• It’s your first offense
  • You had a low BAC
  • There was no accident
  • You complete alcohol counseling classes

Plea deals often involve fines, probation, and license suspension – but less than a DUI conviction.

Going to Trial

If no plea agreement can be reached, your case goes to trial. The prosecution has to prove beyond a reasonable doubt that:

  1. You were operating a motor vehicle
  2. On a public road or highway
  3. While impaired by alcohol or drugs

Challenging any of these elements can beat the charges. It’s also on video from the dashcam, and the defense can scrutinize if you looked impaired on the tape.

If convicted at trial, expect big fines, license revocation, probation, and even jail time. That’s why plea deals are preferable if possible.

Refusing a Breath Test

You face additional penalties for refusing to submit to a breath or blood test after getting pulled over. This triggers an automatic 1-year license suspension in New York.

At the police station, the cops try to get you to blow into the breathalyzer. You don’t have to do it if you don’t want to. But refusing the test looks bad to the judge.

That said, blowing over the limit is also bad evidence. So your lawyer might recommend refusing the test, taking the 1-year suspension, and fighting the DUI charges without the failed breath result.

Hardship and Conditional Licenses

After your license gets suspended for DUI, you can apply for a conditional or hardship license. This allows restricted driving privileges, like for work or school. But you have to prove the suspension causes an undue hardship in your life.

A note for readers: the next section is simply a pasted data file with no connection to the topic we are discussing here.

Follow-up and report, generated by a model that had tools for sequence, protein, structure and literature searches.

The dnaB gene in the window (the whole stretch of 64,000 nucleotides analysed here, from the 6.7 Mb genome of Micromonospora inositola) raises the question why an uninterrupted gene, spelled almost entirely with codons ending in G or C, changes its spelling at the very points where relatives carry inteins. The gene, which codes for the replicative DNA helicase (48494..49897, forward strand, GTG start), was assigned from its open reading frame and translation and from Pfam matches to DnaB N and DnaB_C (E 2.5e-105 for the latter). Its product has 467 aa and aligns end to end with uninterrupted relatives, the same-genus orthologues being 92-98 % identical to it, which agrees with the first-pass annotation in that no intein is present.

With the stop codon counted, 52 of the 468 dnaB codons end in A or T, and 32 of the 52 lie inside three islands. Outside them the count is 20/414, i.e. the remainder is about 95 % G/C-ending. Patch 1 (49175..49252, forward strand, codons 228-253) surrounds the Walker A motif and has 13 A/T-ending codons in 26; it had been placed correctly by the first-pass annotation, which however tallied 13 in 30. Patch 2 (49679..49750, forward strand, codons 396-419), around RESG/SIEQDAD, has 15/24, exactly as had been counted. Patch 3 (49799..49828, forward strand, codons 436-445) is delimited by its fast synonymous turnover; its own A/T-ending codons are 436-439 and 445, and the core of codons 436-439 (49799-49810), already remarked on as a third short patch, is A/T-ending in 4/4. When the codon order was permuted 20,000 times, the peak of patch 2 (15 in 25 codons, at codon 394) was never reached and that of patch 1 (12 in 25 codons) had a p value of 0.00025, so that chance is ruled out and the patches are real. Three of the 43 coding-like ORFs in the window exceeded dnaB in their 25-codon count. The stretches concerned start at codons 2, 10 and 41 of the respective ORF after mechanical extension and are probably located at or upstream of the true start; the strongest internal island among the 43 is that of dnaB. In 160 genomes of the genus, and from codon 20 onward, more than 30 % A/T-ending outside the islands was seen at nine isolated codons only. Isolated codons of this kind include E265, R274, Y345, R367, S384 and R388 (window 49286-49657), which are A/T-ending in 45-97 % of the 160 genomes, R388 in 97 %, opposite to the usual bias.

Installing an ignition interlock device is usually required too. This breathalyzer connects to your vehicle ignition system. You have to blow clean before it lets you start the car.

If you need to drive for your job or family responsibilities, talk to your lawyer about hardship license options. Don’t just drive on a suspended license – that leads to big fines and jail time.

The Cost of a DUI Conviction

A DUI conviction costs you way more than attorney fees and fines. It can damage your career, insurance rates, and personal relationships. Here are some common consequences:

  • License suspension – 90 days up to 1 year
  • Fines and court fees – $500-$1000+
  • Higher insurance rates for years – potentially thousands of dollars extra
  • Probation – 6 months to 3 years
  • Jail time – up to 1 year
  • Ignition interlock device – $70-$150 install fee plus monthly rental
  • DUI classes – $750 or more
  • Lost work opportunities
  • Social stigma

And a DUI stays on your criminal record forever. That could hurt job background checks, school applications, travel visas, and more. Just a first offense has huge lifelong consequences.

Getting Help

After a DUI arrest, don’t go through it alone. Hire an experienced attorney to protect your rights. Check reviews and ask about their DUI trial record. This is no time to cheap out on legal fees.

Also consider getting assessed for alcohol abuse problems. Be honest with yourself. If drinking is hurting your life, seek counseling and support groups. Your lawyer can recommend treatment programs that look good to the court.

Dealing with DUI charges is scary and overwhelming. But taking positive steps helps you get through it. Learn from your mistakes and make better choices moving forward. This can be a turning point to improve your health and relationships. What matters most is learning and growing from the experience.